Ever thought something like this?
“I don’t understand why my girlfriend is being so emotional. Why can’t she just be rational like me?”
Or how about this?
“Why does my boyfriend never listen? I’m being perfectly clear.”
Or maybe even this?
“I wish my friends would change their stupid opinions. Can’t they see how obviously wrong they are?”
We all have, I imagine. It’s easy to look at other people and wonder why they don’t behave rationally, why they hold on to beliefs that seem stupid.
Well, I’ve got some good news for you. You don’t have to think like this. It’s perfectly rational, of course, but that’s exactly the problem. Your supposed rationality is an illusion. You’re as irrational as everyone else–you’re just really bad at noticing it.
Now I had known this for a while, but I didn’t truly understand it until I read a book that changed the way I view emotions, relationships, and the way humans think and (un)reason.
The book I’m talking about is Jonathan Haidt’s The Righteous Mind: Why Good People Are Divided by Politics and Religion.
Since this is a college advice blog, I’m going to stay away from the topics of politics and religion and focus on what the book can teach us about being better boyfriends, girlfriends, friends, and people.
I can only speak with authority from a masculine perspective, but I know I’ve had the thought more than once that emotions are stupid. I like to imagine that I’m Spok, capable of mastering my emotions and achieving greater enlightenment and peace than everyone who is “controlled” by their feelings.
I had in mind a classic dichotomy in Western philosophy: reason vs. emotion. In more everyday terms, people often call it “thinking vs. feeling.” It was only through thinking, I believed, that we can master our emotions.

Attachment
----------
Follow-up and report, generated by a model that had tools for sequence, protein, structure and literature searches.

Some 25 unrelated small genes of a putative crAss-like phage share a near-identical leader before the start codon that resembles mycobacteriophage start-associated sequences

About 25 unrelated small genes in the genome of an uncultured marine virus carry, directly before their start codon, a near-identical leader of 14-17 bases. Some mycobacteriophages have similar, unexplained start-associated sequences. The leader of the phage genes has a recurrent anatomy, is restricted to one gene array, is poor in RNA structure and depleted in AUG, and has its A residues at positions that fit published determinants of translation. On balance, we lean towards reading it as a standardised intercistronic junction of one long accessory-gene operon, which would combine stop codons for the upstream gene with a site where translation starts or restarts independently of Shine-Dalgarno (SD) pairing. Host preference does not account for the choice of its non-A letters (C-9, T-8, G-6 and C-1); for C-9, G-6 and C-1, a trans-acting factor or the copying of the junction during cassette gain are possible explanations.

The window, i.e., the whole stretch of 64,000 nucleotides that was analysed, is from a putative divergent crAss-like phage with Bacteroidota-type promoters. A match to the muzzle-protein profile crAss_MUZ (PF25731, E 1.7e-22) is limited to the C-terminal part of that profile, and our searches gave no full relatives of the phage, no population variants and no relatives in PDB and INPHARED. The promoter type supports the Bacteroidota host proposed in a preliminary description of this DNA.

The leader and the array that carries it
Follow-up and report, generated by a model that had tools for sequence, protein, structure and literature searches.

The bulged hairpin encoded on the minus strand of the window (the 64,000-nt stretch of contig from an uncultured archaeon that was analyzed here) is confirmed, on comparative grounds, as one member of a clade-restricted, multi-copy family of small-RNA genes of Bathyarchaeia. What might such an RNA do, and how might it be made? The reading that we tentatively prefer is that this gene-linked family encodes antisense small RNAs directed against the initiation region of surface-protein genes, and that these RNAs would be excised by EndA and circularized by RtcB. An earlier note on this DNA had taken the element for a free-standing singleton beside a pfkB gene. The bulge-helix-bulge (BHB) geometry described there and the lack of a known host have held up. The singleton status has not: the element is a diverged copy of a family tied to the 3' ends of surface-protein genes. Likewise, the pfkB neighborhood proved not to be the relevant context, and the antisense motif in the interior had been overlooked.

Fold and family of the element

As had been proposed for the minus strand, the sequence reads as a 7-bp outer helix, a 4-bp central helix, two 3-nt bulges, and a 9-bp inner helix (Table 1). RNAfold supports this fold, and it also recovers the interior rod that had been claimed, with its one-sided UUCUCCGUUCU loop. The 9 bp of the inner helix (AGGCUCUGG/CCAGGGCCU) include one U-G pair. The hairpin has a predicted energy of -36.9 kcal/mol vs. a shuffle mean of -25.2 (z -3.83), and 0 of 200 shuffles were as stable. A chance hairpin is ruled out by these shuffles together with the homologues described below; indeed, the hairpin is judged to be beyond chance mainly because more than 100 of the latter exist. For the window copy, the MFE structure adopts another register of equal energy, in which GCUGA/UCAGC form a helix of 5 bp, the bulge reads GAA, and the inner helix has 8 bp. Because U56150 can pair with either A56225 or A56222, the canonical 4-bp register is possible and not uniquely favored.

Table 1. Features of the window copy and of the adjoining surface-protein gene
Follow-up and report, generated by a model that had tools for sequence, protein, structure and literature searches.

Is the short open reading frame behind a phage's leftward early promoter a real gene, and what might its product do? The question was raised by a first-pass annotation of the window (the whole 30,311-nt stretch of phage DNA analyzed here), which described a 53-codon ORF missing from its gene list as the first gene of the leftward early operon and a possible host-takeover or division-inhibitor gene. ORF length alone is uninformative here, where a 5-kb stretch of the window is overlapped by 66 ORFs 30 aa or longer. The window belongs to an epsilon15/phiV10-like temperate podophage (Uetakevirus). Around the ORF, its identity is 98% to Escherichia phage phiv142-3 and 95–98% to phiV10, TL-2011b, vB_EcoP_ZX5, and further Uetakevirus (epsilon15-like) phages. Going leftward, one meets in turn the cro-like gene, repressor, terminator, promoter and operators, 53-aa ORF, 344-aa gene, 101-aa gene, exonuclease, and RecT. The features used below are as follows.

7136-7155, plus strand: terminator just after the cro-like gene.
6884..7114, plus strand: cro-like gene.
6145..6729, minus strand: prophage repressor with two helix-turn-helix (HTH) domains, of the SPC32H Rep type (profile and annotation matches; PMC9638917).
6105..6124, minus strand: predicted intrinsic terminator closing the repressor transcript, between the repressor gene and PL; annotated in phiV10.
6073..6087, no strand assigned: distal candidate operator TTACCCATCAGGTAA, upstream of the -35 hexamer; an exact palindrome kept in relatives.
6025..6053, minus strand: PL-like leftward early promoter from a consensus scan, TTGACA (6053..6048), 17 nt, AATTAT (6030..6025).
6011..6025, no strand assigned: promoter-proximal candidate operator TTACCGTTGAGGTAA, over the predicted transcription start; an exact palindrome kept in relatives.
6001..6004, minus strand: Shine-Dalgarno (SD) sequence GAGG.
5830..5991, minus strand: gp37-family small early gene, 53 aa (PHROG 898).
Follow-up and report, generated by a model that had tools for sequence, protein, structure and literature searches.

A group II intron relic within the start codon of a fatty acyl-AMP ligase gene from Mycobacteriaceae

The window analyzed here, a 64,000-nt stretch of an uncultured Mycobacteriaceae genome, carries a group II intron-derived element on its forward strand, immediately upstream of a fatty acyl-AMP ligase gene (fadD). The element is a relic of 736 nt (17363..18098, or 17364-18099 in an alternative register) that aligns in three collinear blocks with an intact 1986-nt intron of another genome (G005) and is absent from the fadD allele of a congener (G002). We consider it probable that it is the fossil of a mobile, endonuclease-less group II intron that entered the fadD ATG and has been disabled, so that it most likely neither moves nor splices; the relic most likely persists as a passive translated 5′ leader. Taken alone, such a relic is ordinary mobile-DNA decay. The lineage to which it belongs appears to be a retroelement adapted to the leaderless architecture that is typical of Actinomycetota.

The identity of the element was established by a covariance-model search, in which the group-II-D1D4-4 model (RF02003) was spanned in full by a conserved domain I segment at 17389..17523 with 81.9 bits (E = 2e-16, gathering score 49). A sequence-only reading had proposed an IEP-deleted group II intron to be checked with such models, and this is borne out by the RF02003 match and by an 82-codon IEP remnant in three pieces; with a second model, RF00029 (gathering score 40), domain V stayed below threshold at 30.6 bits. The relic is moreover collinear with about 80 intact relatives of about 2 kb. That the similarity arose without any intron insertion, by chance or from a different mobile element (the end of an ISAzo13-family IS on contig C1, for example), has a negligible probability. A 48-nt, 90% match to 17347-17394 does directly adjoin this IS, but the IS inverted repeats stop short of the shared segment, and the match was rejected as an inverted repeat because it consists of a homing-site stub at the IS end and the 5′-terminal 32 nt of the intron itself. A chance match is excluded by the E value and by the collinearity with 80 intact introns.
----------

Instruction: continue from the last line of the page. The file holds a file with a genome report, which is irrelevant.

As I learned from Haidt, however, this is a fallacious view of emotions: “Emotions are not dumb….Emotions are a kind of information processing” (45). It’s easy to think that emotions are the source of all our unhappiness. Haidt’s view, then, was quite radical to me.
To explain what he means by emotions being “a kind of information processing,” Haidt asks the reader to imagine an elephant and its rider
Within limits, the rider can control where the elephant goes, but if the elephant really wants to get somewhere, there’s nothing the rider can do but hang on (45). Being an intelligent creature, however, the elephant doesn’t just move about randomly–it acts in a fashion that serves its interests.
In general, the relationship is mutually beneficial: the rider gets a break from walking, and the elephant gets someone to feed and speak for it.
If you imagine that the rider is the conscious, controlled kind of cognition (what we generally think of as reason) and the elephant is the unconscious kind (consisting of automatic processes such as emotion and reason), then you have a pretty accurate model of the way that your mind makes judgments.
The emotional part of the brain (the elephant) was the first to evolve, and it’s still the most dominant. The controlled-reasoning part evolved later. It’s crucial to understand, Haidt says, that the “rider was put there in the first place to serve the elephant” (46). Conscious reason evolved to help us better negotiate the world. Reason isn’t the master, much as we think or wish it was.
Okay, you say, but I’m a reasonable person. Other people may be controlled by their emotions, but I’m above such nonsense.